The Differential Emotional Processing Theory of Maladaptive Daydreaming

Rachael Haynes

Research output: ThesisDoctoral Thesis

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Abstract

Abstract

This thesis presents an original contribution to knowledge in the form of the Differential Emotional Processing Theory of Maladaptive Daydreaming. This theory provides new theoretical understanding of the maladaptive daydreaming experience. maladaptive daydreaming is a widely researched topic, but research into daydreaming, that is not maladaptive, but absorptive and vividly experienced, is newly emerging, with a need for more research to be conducted. Uncertainty is evident in how to theoretically explain maladaptive daydreaming beyond psychopathological suggestions. A constructivist grounded theory methodology enabled the researcher and 16 participants to co-construct a theory that provides a theoretical understanding of maladaptive daydreaming. In line with human research requirements, ethical approval was obtained from the Charles Sturt University Human Research Ethics Board (study one: case studies approval number: H17118) and (study two: forum approval number: H18078). The research data was derived from two research stages. These were two case study interviews and an online forum that involved 16 adult participants. Extensive coding was carried out across both research stages involving memo writing and a simultaneous literature review, along with an updated literature review in 2019 to 2022. The theory presented in this thesis relates to maladaptive daydreaming, positing that maladaptive daydreaming is one pathway of a wider construct ‘absorptive daydreaming’, with features that are maladaptive, whilst the other pathway is one that relates to emotional growth that is adaptive, through emotional processing factors. Key contributions of this thesis include: a move towards seeing maladaptive daydreaming as a potential emotional processing mechanism; ideas for meeting emotional processing needs in other ways than maladaptive daydreaming; and, moving treatment towards emotional processing rather than focusing on psychopathology. In conclusion, this thesis presents the first constructed grounded theory of maladaptive daydreaming. The theory provides a new theoretical understanding that may be able to be tested and extended into other populations in order to develop interventions that may assist the worldwide maladaptive daydreaming community. This thesis’s theory of maladaptive daydreaming and the wider construct of ‘absorptive daydreaming’ suggests that maladaptive daydreaming research would benefit from adopting broader understandings of maladaptive daydreaming, to include further areas of daydreaming experience, such as immersive daydreaming, which may be the emotional growth pathway within the current theory, that was found within this current study.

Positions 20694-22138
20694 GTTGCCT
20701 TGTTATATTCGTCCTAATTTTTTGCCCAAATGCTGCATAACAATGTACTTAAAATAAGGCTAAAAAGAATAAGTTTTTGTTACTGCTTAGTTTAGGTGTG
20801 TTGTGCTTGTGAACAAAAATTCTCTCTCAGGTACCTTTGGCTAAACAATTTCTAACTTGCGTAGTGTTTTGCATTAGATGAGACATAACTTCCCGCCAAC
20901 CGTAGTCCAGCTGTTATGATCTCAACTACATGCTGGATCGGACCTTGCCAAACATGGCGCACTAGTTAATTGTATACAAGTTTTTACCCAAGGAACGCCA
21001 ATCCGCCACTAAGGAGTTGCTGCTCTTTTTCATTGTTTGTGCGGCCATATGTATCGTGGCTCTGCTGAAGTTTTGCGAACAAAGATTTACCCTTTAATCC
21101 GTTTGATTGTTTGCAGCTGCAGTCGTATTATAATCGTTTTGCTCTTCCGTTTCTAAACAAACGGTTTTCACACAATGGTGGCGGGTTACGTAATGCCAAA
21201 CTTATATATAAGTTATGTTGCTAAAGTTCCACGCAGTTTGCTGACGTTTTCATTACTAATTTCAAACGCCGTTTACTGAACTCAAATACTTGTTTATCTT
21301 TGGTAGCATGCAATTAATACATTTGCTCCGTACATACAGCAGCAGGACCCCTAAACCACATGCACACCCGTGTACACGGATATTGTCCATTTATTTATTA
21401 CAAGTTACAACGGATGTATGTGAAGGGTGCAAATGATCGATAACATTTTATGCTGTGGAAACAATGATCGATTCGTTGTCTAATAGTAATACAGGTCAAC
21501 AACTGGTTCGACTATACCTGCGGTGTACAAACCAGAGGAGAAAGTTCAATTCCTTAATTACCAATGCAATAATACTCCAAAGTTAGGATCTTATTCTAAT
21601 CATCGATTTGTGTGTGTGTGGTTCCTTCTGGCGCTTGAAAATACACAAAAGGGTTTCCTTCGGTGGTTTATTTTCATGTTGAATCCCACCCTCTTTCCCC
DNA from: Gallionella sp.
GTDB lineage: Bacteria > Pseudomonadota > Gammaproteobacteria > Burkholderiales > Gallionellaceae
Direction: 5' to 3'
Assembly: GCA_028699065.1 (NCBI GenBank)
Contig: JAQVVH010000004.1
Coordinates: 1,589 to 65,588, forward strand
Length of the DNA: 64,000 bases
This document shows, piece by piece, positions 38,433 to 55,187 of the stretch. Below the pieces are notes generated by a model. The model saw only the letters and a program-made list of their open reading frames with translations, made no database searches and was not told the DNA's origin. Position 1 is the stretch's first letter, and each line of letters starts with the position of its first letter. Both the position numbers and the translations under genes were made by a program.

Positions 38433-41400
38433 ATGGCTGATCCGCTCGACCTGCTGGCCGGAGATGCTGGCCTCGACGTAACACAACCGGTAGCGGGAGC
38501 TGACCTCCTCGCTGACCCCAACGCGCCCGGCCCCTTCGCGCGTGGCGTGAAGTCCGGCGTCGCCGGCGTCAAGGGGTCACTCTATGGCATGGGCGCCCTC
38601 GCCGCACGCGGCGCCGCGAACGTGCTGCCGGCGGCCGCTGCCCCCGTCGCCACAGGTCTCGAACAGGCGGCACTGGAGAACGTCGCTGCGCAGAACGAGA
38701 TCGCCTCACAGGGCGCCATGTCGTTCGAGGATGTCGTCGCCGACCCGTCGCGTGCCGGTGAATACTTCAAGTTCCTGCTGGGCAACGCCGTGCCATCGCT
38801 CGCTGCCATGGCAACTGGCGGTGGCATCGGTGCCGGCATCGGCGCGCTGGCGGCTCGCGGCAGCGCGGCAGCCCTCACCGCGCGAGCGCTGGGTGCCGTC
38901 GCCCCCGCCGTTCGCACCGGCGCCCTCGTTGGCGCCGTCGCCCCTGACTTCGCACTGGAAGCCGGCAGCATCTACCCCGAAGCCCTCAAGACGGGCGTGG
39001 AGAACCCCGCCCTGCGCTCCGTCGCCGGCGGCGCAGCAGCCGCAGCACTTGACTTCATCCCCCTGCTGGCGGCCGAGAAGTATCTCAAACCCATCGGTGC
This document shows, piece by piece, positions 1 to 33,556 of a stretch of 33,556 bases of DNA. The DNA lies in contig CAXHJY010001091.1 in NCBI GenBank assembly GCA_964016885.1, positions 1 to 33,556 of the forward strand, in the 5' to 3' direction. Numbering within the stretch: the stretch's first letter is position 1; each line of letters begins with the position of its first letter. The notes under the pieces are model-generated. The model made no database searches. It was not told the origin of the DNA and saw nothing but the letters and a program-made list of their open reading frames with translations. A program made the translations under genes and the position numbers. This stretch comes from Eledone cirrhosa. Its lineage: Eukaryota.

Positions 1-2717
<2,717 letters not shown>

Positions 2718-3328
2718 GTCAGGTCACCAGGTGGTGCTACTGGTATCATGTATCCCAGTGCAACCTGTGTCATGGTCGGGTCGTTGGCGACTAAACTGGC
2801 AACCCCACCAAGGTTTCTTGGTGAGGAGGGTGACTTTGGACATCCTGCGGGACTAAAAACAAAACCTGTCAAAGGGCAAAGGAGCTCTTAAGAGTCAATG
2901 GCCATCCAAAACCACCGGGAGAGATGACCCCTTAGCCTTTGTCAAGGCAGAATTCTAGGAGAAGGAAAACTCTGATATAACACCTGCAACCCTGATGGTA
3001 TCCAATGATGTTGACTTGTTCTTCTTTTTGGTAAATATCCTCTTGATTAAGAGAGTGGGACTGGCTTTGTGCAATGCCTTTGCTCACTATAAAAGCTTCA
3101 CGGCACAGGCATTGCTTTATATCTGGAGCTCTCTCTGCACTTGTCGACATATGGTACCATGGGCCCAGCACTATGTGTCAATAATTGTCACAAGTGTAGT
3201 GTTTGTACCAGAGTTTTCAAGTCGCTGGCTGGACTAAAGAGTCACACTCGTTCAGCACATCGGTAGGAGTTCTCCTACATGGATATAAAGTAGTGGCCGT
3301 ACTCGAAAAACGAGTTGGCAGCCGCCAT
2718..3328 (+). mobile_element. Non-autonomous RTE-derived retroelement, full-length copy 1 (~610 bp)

Original languageEnglish
QualificationDoctor of Philosophy
Awarding Institution
  • Charles Sturt University
Supervisors/Advisors
  • Hodgins, Gene, Principal Supervisor
  • Gunaratne, Charini, Co-Supervisor, External person
  • Hogg, Rachel, Co-Supervisor
  • Bhanugopan, Ramudu , Principal Supervisor
Award date11 Aug 2022
Place of PublicationAustralia
Publisher
Publication statusPublished - 2022

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